Friday, 4 August 2017

Trip to Stockholm

We have been wanting to go for a cruise with kids for some time by now but we have thought that theyare too small to actually enjoy it. However, my husband was rewarded as an employee of a month with a cruise gift card! We decided that we would go with the whole family and it actually turned out to be a good idea. The kids were thrilled and enjoyed (almost) every bit of it. We chose Silja Symphony by Tallink Silja Line simply because it is the best cruise ship there is. ;) Seriously, it is big, spacey and it has wide promenade in the middle. The restaurants are good and the whole ferry was remodeled just couple years ago, including the kids' play room. Silja Symphony cruises between Helsinki and Stockholm and it stays in the port of Stockholm for a day so you have time to go exploring Stockholm. Also, you get to spend two evenings on the ferry, just nice mini break.

Going for a cruise with kids is one thing - driving over 200km to get to the port is another thing. Our kids are quite used to travel in a car though so the driving part wasn't that bad actually. Activity books, especially erasable books are good in a car trip. Our younger kid is a bit of a perfectionist and solving some mazes with usual pencil in a car isn't a good idea, at least if haven't taken ear plugs with you. Apparently the pencil isn't good enough even it can be erased as it leaves some imprint on the paper, not good. Dry erase pens are great, they can wiped off completely so they work well in a moving car. Then we had audio books for the kids and just in case, a tablet. Usually that's needed only in the end of the car trip - if even then.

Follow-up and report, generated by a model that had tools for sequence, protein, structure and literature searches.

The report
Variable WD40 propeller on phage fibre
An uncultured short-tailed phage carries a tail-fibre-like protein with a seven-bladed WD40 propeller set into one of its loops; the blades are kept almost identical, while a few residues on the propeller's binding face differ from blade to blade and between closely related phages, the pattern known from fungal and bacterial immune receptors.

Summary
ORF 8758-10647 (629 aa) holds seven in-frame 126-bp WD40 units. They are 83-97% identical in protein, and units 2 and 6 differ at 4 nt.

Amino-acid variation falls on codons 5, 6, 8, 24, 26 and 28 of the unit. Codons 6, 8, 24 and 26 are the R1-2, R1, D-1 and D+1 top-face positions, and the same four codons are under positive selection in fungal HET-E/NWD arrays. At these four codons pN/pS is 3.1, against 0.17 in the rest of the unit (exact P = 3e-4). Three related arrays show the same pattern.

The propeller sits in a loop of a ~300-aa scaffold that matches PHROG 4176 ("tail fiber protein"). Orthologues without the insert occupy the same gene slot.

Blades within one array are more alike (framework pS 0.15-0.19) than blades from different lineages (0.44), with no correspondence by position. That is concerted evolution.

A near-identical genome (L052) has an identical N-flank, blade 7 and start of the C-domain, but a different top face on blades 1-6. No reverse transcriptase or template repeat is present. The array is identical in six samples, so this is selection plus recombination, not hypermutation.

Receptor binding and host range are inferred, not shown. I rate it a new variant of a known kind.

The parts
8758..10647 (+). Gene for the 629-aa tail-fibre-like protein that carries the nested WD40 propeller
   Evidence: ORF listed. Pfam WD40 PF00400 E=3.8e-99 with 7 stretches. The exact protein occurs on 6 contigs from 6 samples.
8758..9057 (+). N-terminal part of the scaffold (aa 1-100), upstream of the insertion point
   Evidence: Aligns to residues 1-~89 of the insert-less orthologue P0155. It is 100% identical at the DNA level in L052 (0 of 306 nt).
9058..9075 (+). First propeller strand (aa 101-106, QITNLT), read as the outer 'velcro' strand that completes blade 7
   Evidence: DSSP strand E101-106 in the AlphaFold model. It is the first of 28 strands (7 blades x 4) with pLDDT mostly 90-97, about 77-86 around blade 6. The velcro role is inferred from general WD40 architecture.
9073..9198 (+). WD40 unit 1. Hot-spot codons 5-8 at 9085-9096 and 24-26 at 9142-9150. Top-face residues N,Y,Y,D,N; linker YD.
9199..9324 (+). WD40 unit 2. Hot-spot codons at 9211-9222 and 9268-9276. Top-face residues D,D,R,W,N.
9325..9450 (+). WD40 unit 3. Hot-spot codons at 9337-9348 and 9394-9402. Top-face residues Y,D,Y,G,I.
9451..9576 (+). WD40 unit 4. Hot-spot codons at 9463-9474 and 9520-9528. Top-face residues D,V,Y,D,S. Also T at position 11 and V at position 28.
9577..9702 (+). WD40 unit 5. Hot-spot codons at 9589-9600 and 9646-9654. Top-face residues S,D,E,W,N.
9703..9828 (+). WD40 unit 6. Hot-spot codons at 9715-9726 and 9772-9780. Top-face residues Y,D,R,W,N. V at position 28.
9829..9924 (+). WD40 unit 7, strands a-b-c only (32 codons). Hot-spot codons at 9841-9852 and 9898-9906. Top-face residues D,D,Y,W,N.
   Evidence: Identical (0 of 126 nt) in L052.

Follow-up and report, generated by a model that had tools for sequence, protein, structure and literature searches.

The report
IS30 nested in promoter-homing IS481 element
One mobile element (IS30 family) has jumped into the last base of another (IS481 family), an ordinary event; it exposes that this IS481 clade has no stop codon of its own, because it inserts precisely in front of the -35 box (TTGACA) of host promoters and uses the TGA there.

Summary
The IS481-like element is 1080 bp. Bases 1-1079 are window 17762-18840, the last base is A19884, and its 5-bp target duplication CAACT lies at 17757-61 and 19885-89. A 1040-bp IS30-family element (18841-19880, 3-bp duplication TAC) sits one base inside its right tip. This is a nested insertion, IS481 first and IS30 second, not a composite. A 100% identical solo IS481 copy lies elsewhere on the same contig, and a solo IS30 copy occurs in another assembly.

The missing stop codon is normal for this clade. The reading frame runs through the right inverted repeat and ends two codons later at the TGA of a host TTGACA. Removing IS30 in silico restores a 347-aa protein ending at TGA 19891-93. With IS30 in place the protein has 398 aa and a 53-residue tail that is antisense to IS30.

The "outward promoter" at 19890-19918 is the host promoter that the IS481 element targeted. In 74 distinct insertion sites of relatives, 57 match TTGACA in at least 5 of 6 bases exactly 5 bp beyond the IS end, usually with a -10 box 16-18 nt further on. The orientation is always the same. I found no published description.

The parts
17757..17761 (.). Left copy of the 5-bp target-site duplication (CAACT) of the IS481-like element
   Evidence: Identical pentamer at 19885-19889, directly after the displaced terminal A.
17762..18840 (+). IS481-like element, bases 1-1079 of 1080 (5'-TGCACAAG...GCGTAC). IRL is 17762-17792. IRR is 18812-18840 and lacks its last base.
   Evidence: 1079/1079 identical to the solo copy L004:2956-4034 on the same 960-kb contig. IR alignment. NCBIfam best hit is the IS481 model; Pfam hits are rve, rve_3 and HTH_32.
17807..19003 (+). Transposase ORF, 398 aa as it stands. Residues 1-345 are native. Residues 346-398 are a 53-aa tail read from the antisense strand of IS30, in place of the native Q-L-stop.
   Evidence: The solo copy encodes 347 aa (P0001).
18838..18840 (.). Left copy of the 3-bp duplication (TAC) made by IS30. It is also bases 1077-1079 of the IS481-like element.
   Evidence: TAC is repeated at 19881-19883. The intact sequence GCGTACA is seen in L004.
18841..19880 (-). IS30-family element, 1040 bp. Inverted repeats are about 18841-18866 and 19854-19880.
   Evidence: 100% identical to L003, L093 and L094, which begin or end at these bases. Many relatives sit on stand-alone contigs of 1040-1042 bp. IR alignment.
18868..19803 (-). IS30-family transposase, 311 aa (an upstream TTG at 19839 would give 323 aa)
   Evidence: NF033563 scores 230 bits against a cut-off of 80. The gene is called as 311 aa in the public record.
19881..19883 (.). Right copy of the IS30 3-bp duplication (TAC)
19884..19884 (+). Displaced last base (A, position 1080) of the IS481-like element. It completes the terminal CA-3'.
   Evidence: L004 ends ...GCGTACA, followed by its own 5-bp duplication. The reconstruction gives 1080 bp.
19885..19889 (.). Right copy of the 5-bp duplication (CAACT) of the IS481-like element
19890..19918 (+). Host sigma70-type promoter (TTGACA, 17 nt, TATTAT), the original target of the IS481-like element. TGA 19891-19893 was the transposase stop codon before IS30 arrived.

Nowadays we usually use our phones to take picture as the phones have so good cameras that the pics turn out much better with them than with our (old) digital camera. So this time we gave the actual camera to the kids. When we arrived to Helsinki they started taking pics.

Quite good shot from a moving car by 5 year old, don't you think?

For those not familiar with Helsinki, the statue is one of our former presidents, Mannerheim and and behind him an art museum, Kiasma.